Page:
REVEALED: How long you can expect to wait for hospital care
THERE'S been a slight increase in the proportion of emergency patients starting treatment on time at Coffs Harbour Health Campus.
The 3.7 per cent increase, compared to the same January to March quarter last year, was outlined in the recent Bureau of Health Information (BHI) Healthcare Quarterly.
The Port Macquarie Base Hospital fared better with a 6.6 per cent increase.
Both sites have also seen a higher proportion of patients leaving the emergency department within four hours of presentation (a 4.3 per cent improvement for Port and nearly one per cent for Coffs).
The independent quarterly BHI figures also measure patient satisfaction and for Coffs Harbour some of the lowest rates were in relation to maternity care:
- 53 % of women rated care after their baby was born as 'very good'
- 80 % said they 'always' had confidence and trust in the midwives or doctors
- 70 % rated the care during labour and birth as 'very good'
Some of the higher rates of satisfaction at Coffs harbour Health Campus were related to admitted children and young patients:
- 87 % said nurses were 'always' kind and caring
- 84 % said health professionals 'always' explained things in an understandable way
- 86 % said the care and treatment 'definitely' helped
Satisfaction rates in relation to the emergency department at Coffs Harbour Health Campus were as follows:
- 65 % would 'speak highly' of their experience at the ED to friends and family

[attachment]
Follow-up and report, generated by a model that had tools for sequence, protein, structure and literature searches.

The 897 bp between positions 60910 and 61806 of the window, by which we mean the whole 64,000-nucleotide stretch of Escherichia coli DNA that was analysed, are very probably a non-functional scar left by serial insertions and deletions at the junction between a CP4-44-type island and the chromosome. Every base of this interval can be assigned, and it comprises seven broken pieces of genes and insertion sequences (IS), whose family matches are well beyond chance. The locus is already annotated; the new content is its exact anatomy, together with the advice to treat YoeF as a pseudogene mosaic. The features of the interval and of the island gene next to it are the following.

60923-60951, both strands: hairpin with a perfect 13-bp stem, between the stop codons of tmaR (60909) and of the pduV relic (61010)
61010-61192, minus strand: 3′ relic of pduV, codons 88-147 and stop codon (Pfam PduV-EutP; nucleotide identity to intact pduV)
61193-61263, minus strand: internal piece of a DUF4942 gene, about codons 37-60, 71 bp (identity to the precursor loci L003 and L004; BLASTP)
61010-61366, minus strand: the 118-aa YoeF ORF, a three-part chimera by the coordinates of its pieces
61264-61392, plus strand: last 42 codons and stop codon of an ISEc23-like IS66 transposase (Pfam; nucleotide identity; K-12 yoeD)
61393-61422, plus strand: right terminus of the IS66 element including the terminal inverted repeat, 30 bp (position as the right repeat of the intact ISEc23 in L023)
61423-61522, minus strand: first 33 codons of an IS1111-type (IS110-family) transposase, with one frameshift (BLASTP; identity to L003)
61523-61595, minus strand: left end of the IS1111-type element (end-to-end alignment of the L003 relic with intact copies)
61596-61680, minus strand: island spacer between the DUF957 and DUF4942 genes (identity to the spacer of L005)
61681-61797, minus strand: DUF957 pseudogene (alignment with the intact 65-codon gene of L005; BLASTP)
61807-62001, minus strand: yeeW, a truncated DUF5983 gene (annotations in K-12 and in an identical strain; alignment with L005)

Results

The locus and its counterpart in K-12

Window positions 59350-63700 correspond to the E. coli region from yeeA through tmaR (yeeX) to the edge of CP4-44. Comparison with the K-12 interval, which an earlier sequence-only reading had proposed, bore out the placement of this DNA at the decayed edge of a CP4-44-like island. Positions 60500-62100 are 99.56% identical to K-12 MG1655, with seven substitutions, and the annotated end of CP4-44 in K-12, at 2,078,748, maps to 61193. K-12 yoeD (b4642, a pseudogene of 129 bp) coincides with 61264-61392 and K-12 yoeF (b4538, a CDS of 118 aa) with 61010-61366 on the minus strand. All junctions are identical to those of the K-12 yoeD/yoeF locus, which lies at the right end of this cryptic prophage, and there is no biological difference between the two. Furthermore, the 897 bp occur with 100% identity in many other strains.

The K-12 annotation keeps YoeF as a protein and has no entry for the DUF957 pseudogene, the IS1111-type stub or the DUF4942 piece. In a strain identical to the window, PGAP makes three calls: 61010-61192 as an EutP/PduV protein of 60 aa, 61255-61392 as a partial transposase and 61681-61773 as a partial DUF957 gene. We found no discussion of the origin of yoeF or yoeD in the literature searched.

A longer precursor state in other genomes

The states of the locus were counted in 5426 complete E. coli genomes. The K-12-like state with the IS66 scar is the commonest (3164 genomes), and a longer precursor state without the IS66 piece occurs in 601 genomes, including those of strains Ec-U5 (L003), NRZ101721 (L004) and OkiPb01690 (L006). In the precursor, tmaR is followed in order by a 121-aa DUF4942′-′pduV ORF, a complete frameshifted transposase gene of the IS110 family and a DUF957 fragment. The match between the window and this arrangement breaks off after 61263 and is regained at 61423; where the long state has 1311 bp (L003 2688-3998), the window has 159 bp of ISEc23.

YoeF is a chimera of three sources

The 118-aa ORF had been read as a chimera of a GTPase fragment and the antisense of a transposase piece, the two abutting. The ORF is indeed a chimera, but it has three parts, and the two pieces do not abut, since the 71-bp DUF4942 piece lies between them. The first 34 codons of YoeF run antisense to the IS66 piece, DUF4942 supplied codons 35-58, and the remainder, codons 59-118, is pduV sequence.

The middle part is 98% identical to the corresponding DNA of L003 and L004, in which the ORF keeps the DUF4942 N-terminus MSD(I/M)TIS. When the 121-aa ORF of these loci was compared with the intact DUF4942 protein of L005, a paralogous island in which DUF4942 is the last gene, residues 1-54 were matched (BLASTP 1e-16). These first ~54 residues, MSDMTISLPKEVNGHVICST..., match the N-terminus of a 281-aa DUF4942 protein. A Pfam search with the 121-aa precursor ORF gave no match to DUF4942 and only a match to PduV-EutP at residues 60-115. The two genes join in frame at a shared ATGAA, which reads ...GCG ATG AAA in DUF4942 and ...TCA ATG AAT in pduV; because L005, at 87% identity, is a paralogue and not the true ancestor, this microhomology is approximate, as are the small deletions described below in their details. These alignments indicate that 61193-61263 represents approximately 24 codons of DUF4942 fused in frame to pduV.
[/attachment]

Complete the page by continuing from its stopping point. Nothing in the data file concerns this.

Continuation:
- 70 % said they were 'definitely' involved, as much as they wanted to be, in decisions about their care
- 60 % said the care and treatment 'definitely' helped them
The quarterly report also lists statistics on elective surgery and according to Mid North Coast Local Health District (MNCLHD) Acting Chief Executive Kathleen Ryan it shows that our district continues to make very effective use of network operations between its larger base hospitals and smaller district facilities.
"Our smaller hospitals at Kempsey and Macksville have continued to support our clinical networks by completing 100 per cent of their elective surgery procedures on time,” Ms Ryan said.
Between June 2012 and June 2018 MNCLHD has increased its workforce by an additional 686 full time equivalent staff - an increase of more than 25 per cent including 88 more doctors and 306 more nurses.
The 2018-19 budget for MNCLHD is more than $634 million, an increase of nearly $28 million on the 2017-18 annualised budget.
Across the state the early start to the flu season is having an obvious impact with more than 750,000 patients presenting to emergency departments during January to March 2019.
NSW Health Deputy Secretary Susan Pearce said this was an increase of around 42,000 people, a 5.9 per cent increase from the same quarter in 2018 and higher than any previous quarter on record.
"While many people will remember the 2017 winter, our worst flu season on record, we saw thousands more patients this quarter, and these figures do not even show the full winter months,” Ms Pearce said.